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Calling Bridge 'Attractive Nuisance' Chief Urges Demolition

Voters will have three choices to make on the Fitch's Bridge article at the Jan. 26 Special Town Meeting: to vote only for demolition of the aged structure; to vote for both demolition and replacement, or to defeat the article entirely.

The bridge, if replaced, would be used only by pedestrians, bicyclists and equestrians. No motorized vehicles would be allowed.

Town officials including Police Chief Donald Palma and DPW Director Tom Delaney told Selectmen of the dangers at the bridge, including kids jumping through rusted bridge rafters into the water and use of alcohol by many who frequent that area. Chief Palma said that any accident there would also endanger EMTs and firefighters who respond to emergency calls. He stressed, "It is an attractive nuisance, and calls come in for trespass and noise. We had 30 calls in 2011, and 70 calls in 2012. We need to do something." He added that oftentimes kids are jumping from the bridge into shallow water, where serious injuries could occur.

Selectman Chairman Stuart Schulman asked the chief, "If a new bridge is installed, wouldn't we still have the problem?" The Chief answered "yes," but pointed out that many bridges have bumpers along the sides that prevent people jumping over.

Selectman Josh Degen, citing the historic nature of the steel truss bridge asked if an engineer had studied the bridge to see if it would be repaired. Greenway committee Chairman David Manugian advised, "The committee did look at this (possibility) but the cost of repairs started ballooning," pointing out that "lead paint over the river is a problem." He also told the Board that much of the state money available for bridge repairs is for those with vehicular traffic, and not for pedestrian bridges. He noted that the committee even contacted the engineering departments of colleges for help but didn't get any takers.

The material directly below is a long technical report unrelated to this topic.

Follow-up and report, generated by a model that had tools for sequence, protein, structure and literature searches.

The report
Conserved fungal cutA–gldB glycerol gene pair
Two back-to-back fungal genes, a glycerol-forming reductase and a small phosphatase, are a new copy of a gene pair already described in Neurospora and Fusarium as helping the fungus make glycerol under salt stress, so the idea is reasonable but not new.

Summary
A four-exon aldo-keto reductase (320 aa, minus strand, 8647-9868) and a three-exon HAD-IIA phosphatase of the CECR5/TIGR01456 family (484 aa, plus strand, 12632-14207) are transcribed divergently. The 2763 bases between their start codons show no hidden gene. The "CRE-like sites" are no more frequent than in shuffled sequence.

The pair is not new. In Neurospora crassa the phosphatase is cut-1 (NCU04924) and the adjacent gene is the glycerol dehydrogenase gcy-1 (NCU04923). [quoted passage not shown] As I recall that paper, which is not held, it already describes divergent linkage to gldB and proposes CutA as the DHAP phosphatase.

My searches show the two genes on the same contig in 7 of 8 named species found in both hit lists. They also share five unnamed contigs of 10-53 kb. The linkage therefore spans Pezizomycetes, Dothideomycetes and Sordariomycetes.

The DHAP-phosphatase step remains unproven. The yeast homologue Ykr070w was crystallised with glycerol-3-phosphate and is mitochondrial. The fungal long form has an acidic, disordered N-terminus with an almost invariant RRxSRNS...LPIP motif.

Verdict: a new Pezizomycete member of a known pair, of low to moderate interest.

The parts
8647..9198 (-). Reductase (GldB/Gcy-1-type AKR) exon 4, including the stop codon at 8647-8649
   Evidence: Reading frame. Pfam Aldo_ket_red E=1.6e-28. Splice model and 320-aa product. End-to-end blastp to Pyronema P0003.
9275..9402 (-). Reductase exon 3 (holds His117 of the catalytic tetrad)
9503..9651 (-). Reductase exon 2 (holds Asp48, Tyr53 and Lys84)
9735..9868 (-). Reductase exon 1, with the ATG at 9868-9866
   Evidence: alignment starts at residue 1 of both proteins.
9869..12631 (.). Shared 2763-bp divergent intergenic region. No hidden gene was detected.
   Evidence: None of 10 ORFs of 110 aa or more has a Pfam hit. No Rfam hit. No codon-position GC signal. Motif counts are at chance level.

Manugian said that the demolition cost could run from $160K to $200K with an additional $400K for a new bridge. Degen pointed out a few areas where some monies could be save, specifically seeding the riverbank for $75K and a few other items. Schulman said "We want this as lean as possible."

The Greenway Committee, according to Manugian, "Plans to set aside some money for a high definition survey and a 3D scatter survey of the bridge, and a CAD [rendering]. If it is rebuilt, we would have the data on the bridge, and this would present an opportunity for the future." He added that the replaced bridge spanning Nashua River would connect 70 miles of trails on the Groton side with 30 miles of trails on the West Groton side.

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